Well, that was in the Soviet Union, which did function according to the cliched, yet very true-to-life saying: “We pretend that we work; they pretend that they pay us.” Surely, it should have all been different in the West, where cruel and greedy ‘capitalists’ were bound to exploit their hard-working labourers by making them toil 24/7. Or so we thought.
Having lived for many years in both Britain and Australia, I was surprised to see that it was not so. In my first BBC TV documentary 'My Friend Little Ben', broadcast in 1990, I even had to conclude that people in the UK tended to “play when they are supposed to be working and work when they are supposed to be playing.”
That observation, unexpectedly, found a lot of support among the natives, who showered me with letters of agreement.
It was even worse (or should I say better) in early-1990s Australia. With Joan Kirner, aptly nicknamed Mother Russia, the premier of the State of Victoria, there were alleged cases when builders gave up working and went on strike, having spotted a mouse on the building site; when electricians demanded that a qualified nurse was always present whenever they had to climb up the ladder (in case they fell down and hurt themselves); when two stevedores in the Melbourne Port refused to handle a large box with nothing but a lady’s fancy hat in it and demanded a third worker to join them in case the box turned out to be too heavy. As for the postmen, they were coveninently (for themselves) delivering mail only three days a week - from Tuesday to Friday.
During my 30 years in Britain, I myself once became a BSJ holder while coming out of a long personal crisis, when I had been physically unable to write, to work or to function properly for nearly five years.
It was then that I was hired by a brand new company - let's call it Britafra TV Ltd - with offices in Tottenham Court Road. The main (and only) purpose of the company, which was - significantly - run from a large Russian city in the Urals, was translating the whole output of the BBC World Service Television into Russian and recording it on tapes. What for? A good question, to which, as it turned out, there was no coherent answer.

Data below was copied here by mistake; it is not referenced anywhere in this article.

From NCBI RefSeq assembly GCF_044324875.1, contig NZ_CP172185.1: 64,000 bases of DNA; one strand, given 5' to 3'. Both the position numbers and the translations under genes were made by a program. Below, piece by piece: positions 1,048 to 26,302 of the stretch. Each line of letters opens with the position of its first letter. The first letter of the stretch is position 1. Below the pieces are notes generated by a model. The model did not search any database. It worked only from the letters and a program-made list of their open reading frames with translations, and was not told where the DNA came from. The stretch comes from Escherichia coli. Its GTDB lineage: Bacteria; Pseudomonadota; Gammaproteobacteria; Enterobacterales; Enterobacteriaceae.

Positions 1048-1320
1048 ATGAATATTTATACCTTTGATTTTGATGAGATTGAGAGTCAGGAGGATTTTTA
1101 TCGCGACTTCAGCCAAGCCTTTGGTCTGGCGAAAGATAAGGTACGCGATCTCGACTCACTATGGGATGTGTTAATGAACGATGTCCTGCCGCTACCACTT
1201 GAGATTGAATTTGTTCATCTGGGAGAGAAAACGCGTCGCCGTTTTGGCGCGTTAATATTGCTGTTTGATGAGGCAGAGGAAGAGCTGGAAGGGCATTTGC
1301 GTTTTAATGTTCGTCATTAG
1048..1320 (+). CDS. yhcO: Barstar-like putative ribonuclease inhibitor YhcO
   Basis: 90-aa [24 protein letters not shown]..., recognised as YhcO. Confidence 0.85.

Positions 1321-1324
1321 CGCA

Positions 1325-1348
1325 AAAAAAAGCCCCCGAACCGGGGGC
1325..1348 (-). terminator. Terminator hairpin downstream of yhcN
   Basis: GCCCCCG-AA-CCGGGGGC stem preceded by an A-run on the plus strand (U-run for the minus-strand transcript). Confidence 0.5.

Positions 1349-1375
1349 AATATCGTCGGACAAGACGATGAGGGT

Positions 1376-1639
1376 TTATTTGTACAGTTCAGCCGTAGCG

In the course of several subsequent months, I often recalled one particular passage from the satirical novel 'The Golden Calf' by my beloved tandem of 1930s writers, Ilya Ilf and Evgeny Petrov. It dealt with the more than shadowy past of Alexander Koreiko, the underground Soviet millionaire and one of the novel’s two main protagonists, and described one of the many scams that had helped him to accumulate his fortune.
"The back room [of the token Revenge Chemical Plant started by Koreiko] was the workshop. It contained two oak barrels with manometers and hydrometers, one on the floor and the other on a raised platform. The barrels were joined by a thin enema tube through which a liquid flowed, gurgling busily. As soon as the liquid had passed from the top to the bottom barrel, a boy in felt boots entered the workroom. Sighing in an unchildlike way, the boy scooped the liquid out of the bottom barrel with a bucket, dragged it up to the platform, and poured it into the second barrel. Having completed this complicated operation, the boy went off to the office to get warm, while the enema tube again began emitting a gurgling noise: the liquid was making a routine journey from the top container to the bottom one..."
It later turned out that the gurgling liquid in the ‘enema tube’ was pure water.
What Ilf and Petrov portrayed was a classic money-laundering operation: a totally useless work cycle that nevertheless allowed for considerable sums of dirty money to be cleaned (or ‘laundered’) through it.